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Taking flight under pressure: How pilots train for emergencies

Published March 26, 2024

There have been a few upsetting news stories recently that can make flying scarier for those that are already uncomfortable about turbulence or flying in general. While a couple of the technical issues did not directly affect the flight or passenger safety, they had the potential to endanger people on the ground. Other cases were much more serious. And especially worrisome are cases were assembly failures have dangerous consequences. However, in all of the recent cases, pilots have been able to apply their rigorous training and do what was needed to bring planes and passengers back safely. So for today’s blog, let’s explore some of the training that pilots undergo on an ongoing basis, to always be ready for unexpected emergencies in flight. We’ll look at technical as well as psychological preparedness. 

Technical competency

  • Classroom foundation and ongoing training: Training begins in the classroom, where pilots study the intricacies of aircraft systems and the potential emergencies that might arise. This includes understanding how malfunctions can occur, their impact on flight, and the prescribed procedures for handling them for each of the aircraft the pilot commands. Before a pilot can be certified to fly a different type of aircraft, they will spend hours learning in the classroom. Additionally, pilots must stay updated on new regulations and procedures.
  • Simulator practice: The most crucial tool for emergency preparedness training is the flight simulator. These high-tech machines meticulously recreate the cockpit environment and flight dynamics of each type of aircraft. Pilots are then presented with a wide range of simulated emergencies, from engine failure and fire to instrument malfunctions and extreme weather conditions. The immersive experience allows them to practice the necessary procedures in a safe and controlled environment, building muscle memory and critical decision-making skills. Simulator training goes far beyond rote memorization of checklists. Instructors introduce unexpected twists and turns, forcing pilots to adapt and think critically. Regular proficiency checks determine additional training needs.
  • Something pilots train for extensively is engine failure. In the simulator, the pilot might experience a sudden loss of power in one engine. Training kicks in, prompting pilots to follow established procedures. This involves completing multiple actions at the same time: maintaining control of the aircraft with the remaining (or without) engine power, declaring an emergency with air traffic control, informing flight attendants and passengers, and initiating a safe landing at the nearest suitable airport or even in open terrain (remember the landing in the Hudson river!). 

Psychological readiness

Just as much as pilots train on technical emergency procedures, they have to be able to manage the physiological and psychological stress their bodies experience in an emergency. Regular medical check-ups are required, but training also includes extensive practice in stress management and crew resource management (CRM). Here are some examples:

  • Staying calm under pressure: Emergencies are inherently stressful. Pilots undergo training specifically designed to manage this stress effectively. Techniques include autogenic breathing exercises, visualization, and maintaining a positive and focused attitude.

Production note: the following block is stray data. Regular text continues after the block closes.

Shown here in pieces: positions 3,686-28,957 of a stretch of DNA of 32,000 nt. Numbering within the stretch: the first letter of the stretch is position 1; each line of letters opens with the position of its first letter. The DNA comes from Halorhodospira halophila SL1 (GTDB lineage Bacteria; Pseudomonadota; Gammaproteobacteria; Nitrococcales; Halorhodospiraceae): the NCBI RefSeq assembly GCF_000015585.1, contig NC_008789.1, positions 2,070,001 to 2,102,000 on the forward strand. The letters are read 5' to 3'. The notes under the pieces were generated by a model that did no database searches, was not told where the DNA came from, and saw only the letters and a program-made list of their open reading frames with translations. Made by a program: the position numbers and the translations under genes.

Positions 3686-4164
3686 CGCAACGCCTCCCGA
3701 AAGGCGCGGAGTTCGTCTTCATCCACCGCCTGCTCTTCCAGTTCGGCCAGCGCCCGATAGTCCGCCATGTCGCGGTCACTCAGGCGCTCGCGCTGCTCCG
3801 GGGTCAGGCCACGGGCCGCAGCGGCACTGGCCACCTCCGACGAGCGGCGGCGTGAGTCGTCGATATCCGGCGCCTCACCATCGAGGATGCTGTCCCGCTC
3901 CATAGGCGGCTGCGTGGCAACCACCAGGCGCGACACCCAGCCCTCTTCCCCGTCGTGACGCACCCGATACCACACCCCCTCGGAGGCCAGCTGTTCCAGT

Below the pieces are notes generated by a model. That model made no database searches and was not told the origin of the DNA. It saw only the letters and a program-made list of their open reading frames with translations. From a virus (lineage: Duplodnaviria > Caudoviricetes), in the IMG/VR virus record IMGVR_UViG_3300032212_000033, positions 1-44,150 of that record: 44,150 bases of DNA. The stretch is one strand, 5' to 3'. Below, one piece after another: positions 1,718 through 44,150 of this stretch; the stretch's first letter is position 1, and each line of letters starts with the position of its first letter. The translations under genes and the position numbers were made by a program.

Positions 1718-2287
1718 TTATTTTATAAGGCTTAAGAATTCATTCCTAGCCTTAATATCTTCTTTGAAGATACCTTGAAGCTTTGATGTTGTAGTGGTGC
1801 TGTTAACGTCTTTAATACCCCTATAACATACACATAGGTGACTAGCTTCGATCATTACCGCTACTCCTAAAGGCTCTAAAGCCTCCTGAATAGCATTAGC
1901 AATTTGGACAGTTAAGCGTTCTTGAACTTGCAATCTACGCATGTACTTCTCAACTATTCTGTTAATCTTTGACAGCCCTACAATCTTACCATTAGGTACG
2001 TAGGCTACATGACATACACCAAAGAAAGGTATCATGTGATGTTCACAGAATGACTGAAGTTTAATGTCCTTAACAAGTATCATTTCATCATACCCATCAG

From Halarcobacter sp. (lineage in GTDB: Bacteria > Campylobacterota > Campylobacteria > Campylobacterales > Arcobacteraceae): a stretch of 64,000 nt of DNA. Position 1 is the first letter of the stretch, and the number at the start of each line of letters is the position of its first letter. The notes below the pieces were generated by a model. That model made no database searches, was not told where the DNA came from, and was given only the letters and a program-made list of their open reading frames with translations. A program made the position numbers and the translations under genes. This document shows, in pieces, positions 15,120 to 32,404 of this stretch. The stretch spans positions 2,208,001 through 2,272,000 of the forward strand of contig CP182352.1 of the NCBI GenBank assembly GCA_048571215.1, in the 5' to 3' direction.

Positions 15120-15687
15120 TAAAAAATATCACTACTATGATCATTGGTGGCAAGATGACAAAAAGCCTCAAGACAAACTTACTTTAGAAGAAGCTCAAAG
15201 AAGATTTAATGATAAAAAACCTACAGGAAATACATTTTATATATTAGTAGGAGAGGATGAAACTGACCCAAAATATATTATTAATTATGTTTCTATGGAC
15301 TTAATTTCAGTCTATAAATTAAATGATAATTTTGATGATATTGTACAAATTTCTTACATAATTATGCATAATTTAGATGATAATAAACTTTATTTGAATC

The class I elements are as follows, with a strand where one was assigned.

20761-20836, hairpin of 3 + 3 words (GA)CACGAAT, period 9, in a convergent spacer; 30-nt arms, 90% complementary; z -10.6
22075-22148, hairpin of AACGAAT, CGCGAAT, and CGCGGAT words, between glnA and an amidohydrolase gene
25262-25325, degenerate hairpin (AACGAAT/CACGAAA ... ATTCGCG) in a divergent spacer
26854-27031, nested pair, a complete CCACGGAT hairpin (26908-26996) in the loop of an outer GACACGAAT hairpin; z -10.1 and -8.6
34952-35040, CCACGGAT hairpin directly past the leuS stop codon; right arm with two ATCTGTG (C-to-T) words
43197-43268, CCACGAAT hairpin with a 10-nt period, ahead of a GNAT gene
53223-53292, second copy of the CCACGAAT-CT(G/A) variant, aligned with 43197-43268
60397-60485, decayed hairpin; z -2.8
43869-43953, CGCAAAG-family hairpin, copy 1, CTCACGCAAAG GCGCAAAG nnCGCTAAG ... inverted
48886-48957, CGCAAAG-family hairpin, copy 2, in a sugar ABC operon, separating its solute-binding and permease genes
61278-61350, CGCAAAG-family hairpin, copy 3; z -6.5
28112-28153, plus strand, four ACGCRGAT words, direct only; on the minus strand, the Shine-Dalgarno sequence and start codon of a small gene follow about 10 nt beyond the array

• Crew coordination: CRM training emphasizes teamwork and communication within the cockpit and the entire crew. Pilots learn and practice to effectively delegate tasks, share information clearly, and utilize the expertise of all crew members during an emergency. This ensures a coordinated and efficient response that leverages the strengths of everyone involved, and sometimes extends to passengers as well. In the recent event of altitude loss that left several people with injuries, the crew asked for doctors or nurses to support them with treatment until passengers could receive attention on the ground.
  • Maintaining situational awareness: In a scenario where an instrument malfunction occurs during a critical phase of flight, such as takeoff or landing, the psychological training equips the pilot to manage the sudden stress, while simultaneously maintaining situational awareness. This involves staying focused on essential flight parameters, communicating effectively with co-pilot and air traffic control, and prioritizing critical tasks to ensure a safe outcome.

Decision-making under pressure

While classroom training covers emergency procedures, real-world situations rarely unfold exactly as planned. Pilots undergo technical and psychological training to develop their ability to think critically and make sound decisions under pressure. They must be prepared to evaluate options, consider potential consequences, and adapt strategies when necessary. In the example of a passenger experiencing a medical emergency on board, psychological training helps the pilot assess the situation calmly, consult with medical professionals on the ground if possible, and make a quick decision on whether to divert the flight for an emergency landing. This involves weighing the severity of the passenger's condition against factors like weather conditions and fuel availability. By incorporating psychological training, pilots develop the mental fortitude and decision-making skills they need to navigate the emotional stress of emergencies. This holistic approach ensures that they are well-equipped to not only handle the technical aspects of a crisis, but also lead their crew and passengers effectively during the most challenging moments.